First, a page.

If you are looking forward to getting back to basics, save money, and make your life simple, it may be time to consider moving into a tiny house.
Many reasons would make you go tiny such as affordability, saving energy, among others.
Tiny living has become very popular in recent years. You’ve probably discussed it with your friends, watched something relating to it on the news or even read about it on the internet. Living in a tiny house can help you become organized and lead a simplified life.
The ever-rising cost of houses, steep mortgage repayments, and the higher cost of sustaining large houses, has made many Americans think about living in tiny houses.
But going tiny is not as easy as it seems. While we’d like to enjoy the things that come with living small, such as getting organized, downsizing our personal belongings, and having a simplified life, it does not come without challenges.
Doing anything outside the norm can be debilitating, daunting, and downright terrifying, and going tiny is no exception.
But living tiny is not for everyone. Below, you’ll see five signs that prove that you are not prepared to go tiny.
1. You Have a Strong Need for Privacy
If you or your partner are in dire need of privacy, then you should not think about moving into a tiny home yet.
Even if your home has separate rooms for you and your partner, you’ll still need more space to enjoy your privacy.
Tiny homes share garden spaces where people can gather and interact with each other. While some people consider this a good thing, the case is different for someone who values personal privacy strongly.
Besides, children can be all over the place in your tiny house, making it impossible for you to get some quiet time when you want it the most.
2. You’re Not Ready to Get Rid of Your Stuff
Usually, people keep a lot of stuff in their houses. A Clear Path founder, Regina Lark, reports that there are more than 300,000 items in an average American household. Moving to a tiny home, therefore, means getting rid of some of this stuff.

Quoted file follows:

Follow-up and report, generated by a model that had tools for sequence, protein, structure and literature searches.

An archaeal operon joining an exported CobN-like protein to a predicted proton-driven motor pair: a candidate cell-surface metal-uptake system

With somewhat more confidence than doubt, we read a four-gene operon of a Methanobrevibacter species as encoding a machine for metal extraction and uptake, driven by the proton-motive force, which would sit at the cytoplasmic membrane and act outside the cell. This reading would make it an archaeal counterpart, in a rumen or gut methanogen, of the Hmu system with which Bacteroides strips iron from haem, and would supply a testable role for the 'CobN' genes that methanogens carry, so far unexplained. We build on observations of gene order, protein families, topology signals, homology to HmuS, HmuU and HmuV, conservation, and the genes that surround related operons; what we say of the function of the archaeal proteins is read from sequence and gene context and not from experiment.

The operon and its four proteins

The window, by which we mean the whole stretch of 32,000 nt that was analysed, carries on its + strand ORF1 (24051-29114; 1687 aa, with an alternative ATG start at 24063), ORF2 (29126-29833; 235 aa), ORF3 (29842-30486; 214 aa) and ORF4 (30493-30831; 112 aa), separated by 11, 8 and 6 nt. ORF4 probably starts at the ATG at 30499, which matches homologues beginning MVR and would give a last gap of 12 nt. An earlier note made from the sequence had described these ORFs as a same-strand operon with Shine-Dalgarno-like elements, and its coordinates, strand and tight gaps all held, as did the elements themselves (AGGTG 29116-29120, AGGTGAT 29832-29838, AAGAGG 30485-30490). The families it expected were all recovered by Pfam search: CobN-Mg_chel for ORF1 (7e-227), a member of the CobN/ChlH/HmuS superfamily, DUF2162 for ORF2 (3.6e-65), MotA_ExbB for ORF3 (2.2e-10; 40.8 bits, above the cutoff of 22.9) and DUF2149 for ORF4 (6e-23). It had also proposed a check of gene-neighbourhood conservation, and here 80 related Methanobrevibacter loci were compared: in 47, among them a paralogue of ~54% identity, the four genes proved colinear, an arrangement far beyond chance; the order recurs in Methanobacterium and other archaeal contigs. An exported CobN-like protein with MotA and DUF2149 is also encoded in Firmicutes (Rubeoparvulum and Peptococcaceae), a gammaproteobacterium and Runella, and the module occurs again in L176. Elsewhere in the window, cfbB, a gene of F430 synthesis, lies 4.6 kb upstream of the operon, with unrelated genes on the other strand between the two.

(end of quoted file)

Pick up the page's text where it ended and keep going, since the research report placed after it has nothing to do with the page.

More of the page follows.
Tiny houses are appropriate for people who are comfortable living with less. If you enjoy accumulating possessions, these homes may not be right for you.
For instance, if you’ve collected artwork, you’ll not have enough room to display it. You’ll also not have enough room to keep things that you’ve saved for their sentimental value.
You’ll need to get used to having only the necessary things in your house such as bedding, essential cooking utensils, and a modest amount of clothing.
If you are not ready for all this, it might be a sign that you are not prepared to go tiny.
3. You Haven’t Done Research
A home is a great component of human life. Therefore, it is important to do your homework before deciding to move to a tiny house. However, this is not always the case.
With the industry experiencing tremendous growth, you’ll surely want to be well informed to avoid getting what you don’t want. If you are considering hiring reputable tiny home companies, or design one for yourself, be sure to do your research.
4. You Are Not Ready to Downsize
Many people are concerned about the maximum dimensions for a tiny house. Some will try to squeeze every inch in their small house.
You are justified to be space conscious if you are moving from 4000 to 400 square feet. But you should not be over conscious about space. While saving an extra space is good, it isn’t going to make a huge difference in your home. You can still gain space from areas you’ve not looked into.
It is also important to understand that it’s not possible to use every inch in your house. After going tiny, people look for every space available for storage. But because of time constraints, many do not succeed in adding all the little storage nooks that they wanted.
But after moving in, they become accustomed to living small and later realize they didn’t need the space to begin with.
5. You Don’t Care About Preserving the Environment
Most people are living tiny as a way to minimize the negative effects on the environment. Building a small house requires fewer materials as opposed to building a traditional home. It also requires less space and energy for heating and cooling.
Besides, going tiny will reduce the amount of CO2 emissions. For instance, if your current home uses about 28,000 CO2 pounds per year, a small home will use 2,000 lbs.